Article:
Part B Professional Accountants in Public Practice

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Part B Professional Accountants in Public Practice by Mind Map: Part B Professional Accountants in Public Practice

1. Professional Appointment

1.1. Client Acceptance

1.2. Engagement Acceptance

1.3. Changes in a Professional Appointment

2. Conflicts of Interest

2.1. Identify circumstances that could pose a conflict of interest

2.2. Evaluate the significance of any threats

2.3. Depending upon the circumstances giving rise to the conflict, safeguards should ordinarily include the professional accountant in public practice

2.3.1. Notifying the client of the firm’s business interest or activities that may represent a conflict of interest, and obtaining their consent to act in such circumstances;

2.3.2. Notifying all known relevant parties that the professional accountant in public practice is acting for two or more parties in respect of a matter where their respective interests are in conflict, and obtaining their consent to so act

2.3.3. Notifying the client that the professional accountant in public practice does not act exclusively for any one client in the provision of proposed services

2.4. Additional Safeguards

2.4.1. The use of separate engagement teams

2.4.2. Procedures to prevent access to information

2.4.3. Clear guidelines for members of the engagement team on issues of security and confidentiality

2.4.4. The use of confidentiality agreements signed by employees and partners of the firm

2.4.5. Regular review of the application of safeguards by a senior individual not involved with relevant client engagements

2.5. Where a conflict of interest poses a threat to one or more of the fundamental principles that cannot be eliminated or reduced to an acceptable level through the application of safeguards, the professional accountant in public practice should conclude that it is not appropriate to accept a specific engagement or that resignation from one or more conflicting engagements is required.

2.6. Where a professional accountant in public practice has requested consent from a client to act for another party (which may or may not be an existing client) in respect of a matter where the respective interests are in conflict and that consent has been refused by the client, then the professional accountant in public practice must not continue to act for one of the parties in the matter giving rise to the conflict of interest.

3. Second Opinions

3.1. A professional accountant in public practice shall evaluate the significance of any threats and apply safeguards when necessary to eliminate them or reduce them to an acceptable level.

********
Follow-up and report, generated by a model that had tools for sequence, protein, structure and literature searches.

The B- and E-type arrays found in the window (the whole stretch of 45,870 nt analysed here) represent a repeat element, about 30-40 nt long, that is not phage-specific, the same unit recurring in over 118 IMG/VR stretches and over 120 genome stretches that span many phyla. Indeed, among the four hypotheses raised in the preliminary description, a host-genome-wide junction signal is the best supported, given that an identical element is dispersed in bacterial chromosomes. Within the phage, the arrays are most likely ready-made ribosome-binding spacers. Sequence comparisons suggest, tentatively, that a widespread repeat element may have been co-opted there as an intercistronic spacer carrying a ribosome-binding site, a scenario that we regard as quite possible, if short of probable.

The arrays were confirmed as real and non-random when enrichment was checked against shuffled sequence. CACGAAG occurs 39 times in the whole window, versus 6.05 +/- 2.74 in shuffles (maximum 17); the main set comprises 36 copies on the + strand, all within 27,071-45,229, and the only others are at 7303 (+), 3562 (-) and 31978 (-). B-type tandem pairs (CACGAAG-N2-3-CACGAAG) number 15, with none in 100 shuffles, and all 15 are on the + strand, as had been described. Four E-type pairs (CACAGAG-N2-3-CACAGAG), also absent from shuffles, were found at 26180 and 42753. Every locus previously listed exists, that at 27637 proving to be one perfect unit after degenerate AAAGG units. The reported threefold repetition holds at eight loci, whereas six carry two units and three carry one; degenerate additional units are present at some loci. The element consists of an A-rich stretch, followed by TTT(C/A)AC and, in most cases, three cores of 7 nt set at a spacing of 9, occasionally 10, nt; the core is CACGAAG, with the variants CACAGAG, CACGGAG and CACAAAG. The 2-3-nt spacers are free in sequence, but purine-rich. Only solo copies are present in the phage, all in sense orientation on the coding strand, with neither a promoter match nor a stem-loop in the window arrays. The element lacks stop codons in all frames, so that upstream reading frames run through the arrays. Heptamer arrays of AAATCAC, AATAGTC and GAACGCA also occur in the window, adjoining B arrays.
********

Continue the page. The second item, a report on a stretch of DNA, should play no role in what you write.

3.2. If the company or entity seeking the opinion will not permit communication with the existing accountant, a professional accountant in public practice shall determine whether, taking all the circumstances into account, it is appropriate to provide the opinion sought.

4. Fees & Other Types of Remunerations

4.1. a professional accountant in public practice may quote whatever fee is deemed appropriate.

4.2. Contingent fees are widely used for certain types of non-assurance engagements.

4.2.1. The nature of the engagement

4.2.2. The range of possible fee amounts

4.2.3. The basis for determining the fee

4.2.4. Whether the outcome or result of the transaction is to be reviewed by an independent third party

5. Marketing Professional Services

5.1. Solicits new work through advertising or other forms of marketing, there may be a threat to compliance with the fundamental principles

5.2. Shall not bring the profession into disrepute when marketing professional services

6. Gifts and Hospitality

6.1. May conclude that the offer is made in the normal course of business without the specific intent to influence decision making or to obtain information

6.1.1. Where gifts or hospitality are offered that a reasonable and informed third party would consider trivial and inconsequential

6.2. When the threats cannot be eliminated or reduced to an acceptable level through the application of safeguards, a professional accountant in public practice shall not accept such an offer.

7. Custody of Client's Assets

7.1. Shall not assume custody of client monies or other assets unless permitted to do so by law

7.2. A professional accountant in public practice entrusted with money belonging to others shall therefore:

7.2.1. Keep such assets separately from personal or firm assets

7.2.2. use such assets only for the purpose for which they are intended

7.2.3. At all times be ready to account for those assets and any income, dividends, or gains generated, to any persons entitled to such accounting

7.2.4. Comply with all relevant laws and regulations relevant to the holding of and accounting for such assets

7.3. Appropriate inquiries about the source of such assets and consider legal and regulatory obligations.

8. Objectivity - All Services

8.1. Professional accountant in public practice who provides an assurance service shall be independent of the assurance client.

8.1.1. Independence of mind and in appearance

8.2. Existence of threats to objectivity

8.2.1. circumstances of the engagement

8.2.2. nature of the work

8.3. Apply safeguards when necessary to eliminate them or reduce them to an acceptable level

9. Independence - Audit and Review Engagement

9.1. Addresses the independence requirements for audit engagements and review engagements, which are assurance engagements in which a professional accountant in public practice expresses a conclusion on financial statements.

10. Independence - Other Assurance Engagements

10.1. Addresses independence requirements for assurance engagements that are not audit or review engagements.